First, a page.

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Opposition leaders were among Indians who received emails and messages on Monday from Apple warning them that state-sponsored attackers were potentially trying to compromise their iPhones. The alerts were sent a year after a committee of Supreme Court-appointed experts found inconclusive evidence of the presence of Pegasus spyware in the 29 phones it analysed.
A consortium of media outlets and investigative journalists earlier in July 2021 reported that the phones of Indian ministers, politicians, activists, businessmen, and journalists were among the 50,000 selected for infection with the Pegasus malware.
Apple sued the Israeli maker of Pegasus, the NSO Group, months later over the exposures while also announcing its new threat notification system to warn users that state-sponsored attackers may have targeted them.
The system warned the Opposition leaders, journalists, and researchers in India on Monday of their devices potentially being targeted. Such notices have been sent to users in 150 countries since the system was launched in November 2021.
How does Apple notify?
It sends email and iMessage to the address and number associated with a user’s Apple ID. The company also displays a “Threat Notification” banner in red on top of the page after the user signs into applied.apple.com. The banner also mentions the date on which a notification was sent via email and iMessage, helping prove the authenticity of the message a user may receive.
Is the process foolproof?
No. Given the sophistication of state-sponsored attacks, Apple specifies that some notifications might be false alarms while some attacks may not be detected at all.
How does Apple detect such attacks?
It detects them using the threat intelligence signals it receives. The company always refuses to provide information about how it detected an attack “as it may help state-sponsored attackers adapt their behaviour to evade detection in the future”.
How to detect a fake threat notification?
Many spyware companies rely on users clicking on malicious links sent via SMSes, emails, WhatsApp messages, etc to compromise devices. Apple makes it very clear that its threat notifications never have any links to click. It never asks users to install any apps or profiles or provides Apple ID passwords or verification codes by email or over the phone. To refer to URLs that users may visit for more information, Apple spaces the links out so that they are forced to type the links and thus do not end up clicking on malicious links.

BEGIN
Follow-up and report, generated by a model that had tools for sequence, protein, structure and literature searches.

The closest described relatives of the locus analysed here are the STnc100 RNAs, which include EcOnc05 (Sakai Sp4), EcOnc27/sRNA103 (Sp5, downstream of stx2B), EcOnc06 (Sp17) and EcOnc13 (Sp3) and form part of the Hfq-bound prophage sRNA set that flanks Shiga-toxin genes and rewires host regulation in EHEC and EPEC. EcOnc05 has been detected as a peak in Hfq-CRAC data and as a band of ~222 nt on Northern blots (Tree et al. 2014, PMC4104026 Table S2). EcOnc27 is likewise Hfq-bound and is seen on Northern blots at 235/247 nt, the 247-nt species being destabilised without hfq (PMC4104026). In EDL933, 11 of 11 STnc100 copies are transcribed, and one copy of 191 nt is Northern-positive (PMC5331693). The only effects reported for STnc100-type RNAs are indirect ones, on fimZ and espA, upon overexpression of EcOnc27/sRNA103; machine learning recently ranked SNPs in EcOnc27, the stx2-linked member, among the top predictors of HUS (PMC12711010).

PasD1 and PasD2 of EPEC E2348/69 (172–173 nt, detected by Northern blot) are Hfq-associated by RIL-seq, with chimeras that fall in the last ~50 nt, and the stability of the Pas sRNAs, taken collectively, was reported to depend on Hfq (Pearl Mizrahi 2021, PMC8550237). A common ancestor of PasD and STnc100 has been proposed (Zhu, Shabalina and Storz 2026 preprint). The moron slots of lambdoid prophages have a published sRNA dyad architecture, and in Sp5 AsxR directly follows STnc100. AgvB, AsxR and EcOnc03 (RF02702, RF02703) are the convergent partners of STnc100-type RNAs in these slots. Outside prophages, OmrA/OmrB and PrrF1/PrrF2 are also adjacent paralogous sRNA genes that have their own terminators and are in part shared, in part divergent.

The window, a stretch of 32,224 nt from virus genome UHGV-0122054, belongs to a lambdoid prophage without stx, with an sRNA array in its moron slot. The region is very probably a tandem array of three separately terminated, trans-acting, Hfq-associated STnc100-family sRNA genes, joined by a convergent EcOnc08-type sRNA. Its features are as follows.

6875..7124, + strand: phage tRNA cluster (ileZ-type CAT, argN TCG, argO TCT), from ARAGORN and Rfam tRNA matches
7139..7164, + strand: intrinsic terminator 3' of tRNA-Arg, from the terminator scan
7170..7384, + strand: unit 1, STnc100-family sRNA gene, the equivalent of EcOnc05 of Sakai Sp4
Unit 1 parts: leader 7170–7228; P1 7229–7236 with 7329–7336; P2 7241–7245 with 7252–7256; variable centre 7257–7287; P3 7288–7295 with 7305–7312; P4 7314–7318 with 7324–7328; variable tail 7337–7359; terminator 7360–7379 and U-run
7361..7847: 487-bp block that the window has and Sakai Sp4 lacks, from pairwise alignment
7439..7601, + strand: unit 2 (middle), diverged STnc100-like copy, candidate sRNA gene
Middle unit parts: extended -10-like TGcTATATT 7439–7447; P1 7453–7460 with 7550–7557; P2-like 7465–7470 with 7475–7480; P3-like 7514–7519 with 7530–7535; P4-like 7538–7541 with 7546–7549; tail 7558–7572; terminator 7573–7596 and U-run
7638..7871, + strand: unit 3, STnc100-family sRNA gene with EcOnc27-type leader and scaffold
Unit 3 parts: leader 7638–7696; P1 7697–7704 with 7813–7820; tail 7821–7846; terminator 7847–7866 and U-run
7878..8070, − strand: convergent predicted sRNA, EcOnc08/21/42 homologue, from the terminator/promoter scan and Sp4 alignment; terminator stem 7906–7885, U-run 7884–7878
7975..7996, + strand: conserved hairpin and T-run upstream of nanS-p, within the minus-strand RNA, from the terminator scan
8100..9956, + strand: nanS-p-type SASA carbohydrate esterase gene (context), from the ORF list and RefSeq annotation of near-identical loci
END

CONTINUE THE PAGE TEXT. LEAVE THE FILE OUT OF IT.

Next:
Could anyone be targeted?
Apple notes that most people will never be targeted by a state actor. Such attacks require considerable resources—monetary, physical, and human. This is why the entities that can execute such attacks are usually backed by nation-states. A politician, human rights activist, a journalist, or a vocal and influential critic of a government could be targeted.
Apple’s website emphasises that, unlike traditional cybercriminals, state-sponsored attackers apply exceptional resources to target a very small number of specific individuals and their devices. This makes these attacks much harder to detect and prevent. “State-sponsored attacks are highly complex, cost millions of dollars to develop, and often have a short shelf life. The vast majority of users will never be targeted by such attacks.”
What can one do to avoid getting targeted?
Basic cyber hygiene—always update devices and apps. Use device passcodes, strong passwords, and multi-factor authentication. Do not sideload apps or repeat passwords across services. Avoid clicking on links or attachments from unknown senders. Enable the Lockdown Mode.
What is the Lockdown Mode?
Apple released its Lockdown Mode in September 2022 with iOS 16, iPadOS 16, MacOS Ventura, and watchOS 10 in response to state actors compromising the devices of critics or whom they perceived as threats. This mode enables multiple apps and features to function differently to reduce the attack surface that can potentially be exploited using “highly targeted mercenary spyware”. For instance, most message attachment types will be blocked. Certain web technologies will be blocked, hindering websites from loading correctly or at all. FaceTime calls from new devices too will be blocked.
Aditi covers technology policy, online free speech, privacy, cybersecurity, and surveillance.
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